Anna Swanwick

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Anna Swanwick (22 June 1813 – 2 November 1899)[1] was an English author and feminist.

Life[edit]

Anna Swanwick was the youngest daughter of John Swanwick and his wife, Hannah Hilditch. She was born in Liverpool on 22 June 1813. The Swanwicks descended from Philip Henry, the 17th century nonconformist divine. Anna was educated chiefly at home, but, wishing to carry on her education beyond the typical age for girls in this country at that time, she went in 1839 to Berlin, where she studied German and Greek, and gained knowledge of Hebrew.[2]

She returned to England in 1843 and began translating some of the German dramatists. Her first publication, Selections from the Dramas of Goethe and Schillerappeared in 1843. The selections included Goethe's Torquato Tasso and Iphigenia in Tauris, and Schiller's Maid of Orleans. In 1850, she released a volume of translations from Goethe containing the first part of Faust, Egmont, and the two plays of the former volume. The translations are in blank verse. In 1878, she published the second part of Faust the two parts with Retsch's illustrations appeared together in one volume the same year. Miss Swanwick's Faust passed through many editions and was included in Bohn's series of translations from foreign classics. Her English version is accurate and spirited, and is regarded as one of the best in existence.[2]

About 1850, Bunsen advised her to try her hand at translating from the Greek, with the result that in 1865 she published a blank-verse translation of the Trilogy of Aeschylus, and in 1873 of the whole of his dramas. The choruses are in rhymed metres. Her translation has passed through many editions and ranks high among English versions. It keeps fairly close to the original.[2]

Miss Swanwick did not confine herself to literary work. She took a keen interest in many social issues of the day, especially women's education, and in raising the moral and intellectual tone of the working classes. She was a member of the councils both of Queen's College and Bedford College, London, and was for some time president of the latter.[2]

She assisted in the founding of Girton College, Cambridge, and Somerville Hall, Oxford, and in extending the King's College lectures to women. To all these institutions she subscribed liberally. She was associated with Anthony John Mundella and Sir Joshua Girling Fitch in carrying out the provisions of the will of Mrs. Emily Jane Pfeiffer, who left in 1890 large sums of money for the promotion of the higher education of women. She strongly advocated the study of English literature in the universities, and herself lectured privately on the subject to young working men and women.[2]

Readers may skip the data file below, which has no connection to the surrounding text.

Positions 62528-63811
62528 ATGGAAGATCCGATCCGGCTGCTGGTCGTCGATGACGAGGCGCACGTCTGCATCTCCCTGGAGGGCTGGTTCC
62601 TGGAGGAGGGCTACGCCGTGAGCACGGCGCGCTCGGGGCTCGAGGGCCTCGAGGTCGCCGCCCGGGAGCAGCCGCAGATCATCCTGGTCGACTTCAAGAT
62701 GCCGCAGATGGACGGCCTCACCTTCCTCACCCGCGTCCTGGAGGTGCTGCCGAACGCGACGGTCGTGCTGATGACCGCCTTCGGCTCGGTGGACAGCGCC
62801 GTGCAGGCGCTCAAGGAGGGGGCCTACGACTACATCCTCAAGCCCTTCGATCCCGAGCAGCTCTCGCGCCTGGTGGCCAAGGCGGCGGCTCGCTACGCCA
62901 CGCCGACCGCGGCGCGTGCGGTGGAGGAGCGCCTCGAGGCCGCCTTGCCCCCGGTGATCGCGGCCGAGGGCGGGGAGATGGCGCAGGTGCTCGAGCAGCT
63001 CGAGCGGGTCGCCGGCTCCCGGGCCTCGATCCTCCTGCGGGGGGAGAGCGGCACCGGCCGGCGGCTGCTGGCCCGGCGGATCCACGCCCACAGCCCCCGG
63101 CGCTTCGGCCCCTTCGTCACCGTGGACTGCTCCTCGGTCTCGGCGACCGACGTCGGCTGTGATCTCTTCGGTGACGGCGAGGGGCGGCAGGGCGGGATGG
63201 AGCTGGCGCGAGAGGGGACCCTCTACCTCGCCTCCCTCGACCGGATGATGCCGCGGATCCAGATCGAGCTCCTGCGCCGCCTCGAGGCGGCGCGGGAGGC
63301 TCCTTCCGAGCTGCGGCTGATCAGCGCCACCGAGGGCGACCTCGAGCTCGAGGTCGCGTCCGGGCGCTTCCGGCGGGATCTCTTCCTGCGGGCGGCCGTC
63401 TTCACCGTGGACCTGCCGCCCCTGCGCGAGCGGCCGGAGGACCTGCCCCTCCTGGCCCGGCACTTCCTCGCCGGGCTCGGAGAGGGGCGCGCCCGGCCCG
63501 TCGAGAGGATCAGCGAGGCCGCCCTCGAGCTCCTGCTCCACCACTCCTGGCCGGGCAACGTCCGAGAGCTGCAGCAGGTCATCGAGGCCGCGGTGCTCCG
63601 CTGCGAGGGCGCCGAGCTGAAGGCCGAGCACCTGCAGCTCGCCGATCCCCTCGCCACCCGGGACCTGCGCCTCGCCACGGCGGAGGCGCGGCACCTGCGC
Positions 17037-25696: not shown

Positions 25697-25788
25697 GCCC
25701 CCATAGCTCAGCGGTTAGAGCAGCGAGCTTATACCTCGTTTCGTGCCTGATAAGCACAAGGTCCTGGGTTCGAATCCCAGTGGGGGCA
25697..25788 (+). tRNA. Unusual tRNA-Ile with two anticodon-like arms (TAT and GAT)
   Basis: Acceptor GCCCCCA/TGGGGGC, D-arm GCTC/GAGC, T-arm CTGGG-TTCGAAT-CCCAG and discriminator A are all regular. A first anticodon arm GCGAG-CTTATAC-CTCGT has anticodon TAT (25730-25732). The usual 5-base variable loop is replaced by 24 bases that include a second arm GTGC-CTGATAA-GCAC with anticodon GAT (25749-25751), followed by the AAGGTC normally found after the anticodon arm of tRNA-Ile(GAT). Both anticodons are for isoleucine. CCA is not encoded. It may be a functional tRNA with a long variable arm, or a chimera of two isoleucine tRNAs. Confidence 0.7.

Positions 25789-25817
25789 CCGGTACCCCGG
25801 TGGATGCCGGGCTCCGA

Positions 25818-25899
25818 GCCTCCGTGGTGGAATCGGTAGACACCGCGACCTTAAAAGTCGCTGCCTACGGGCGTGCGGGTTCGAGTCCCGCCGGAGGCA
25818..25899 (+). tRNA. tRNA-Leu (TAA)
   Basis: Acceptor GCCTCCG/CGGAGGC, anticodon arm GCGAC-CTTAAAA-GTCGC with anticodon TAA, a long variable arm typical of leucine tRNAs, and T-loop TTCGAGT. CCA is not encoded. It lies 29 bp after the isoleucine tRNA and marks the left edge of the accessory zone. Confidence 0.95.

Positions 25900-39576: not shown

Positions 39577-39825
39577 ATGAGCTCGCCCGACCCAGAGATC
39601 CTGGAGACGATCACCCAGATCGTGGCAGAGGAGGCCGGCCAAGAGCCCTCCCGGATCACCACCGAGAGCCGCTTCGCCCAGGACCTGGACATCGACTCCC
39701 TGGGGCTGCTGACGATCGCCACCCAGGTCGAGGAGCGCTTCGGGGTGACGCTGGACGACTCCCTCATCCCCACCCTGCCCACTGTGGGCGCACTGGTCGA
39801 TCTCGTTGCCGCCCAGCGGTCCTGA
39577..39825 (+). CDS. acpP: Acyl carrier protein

Miss Swanwick's life was thus divided between literary pursuits and active philanthropy. She never sought publicity, but her example and influence had an important and invigorating effect on women's education and on their position in the community. She signed John Stuart Mill's petition to parliament in 1865 for the political enfranchisement of women. The University of Aberdeen conferred on her the honorary degree of LL.D. She was a Unitarian. Miss Swanwick was the centre of a large circle of distinguished friends, who included Crabb Robinson, Tennyson, Browning, Gladstone, James Martineau, and Sir James Paget, and these, with many others, were frequent visitors at her house. Her marvelous memory made her a delightful talker, and she was full of anecdotes in her later years about the eminent persons she had known.[2]

She died on 2 Nov. 1899 at Tunbridge Wells, and was buried on the 7th in Highgate cemetery.[2]

References[edit]

Attribution

 This article incorporates text from a publication now in the public domainLee, Elizabeth (1901). "Swanwick, Anna". In Sidney Lee. Dictionary of National Biography, 1901 supplement​. London: Smith, Elder & Co. 

Sources[edit]

  • Mary L. Bruce, Anna Swanwick (London, 1903)

External links[edit]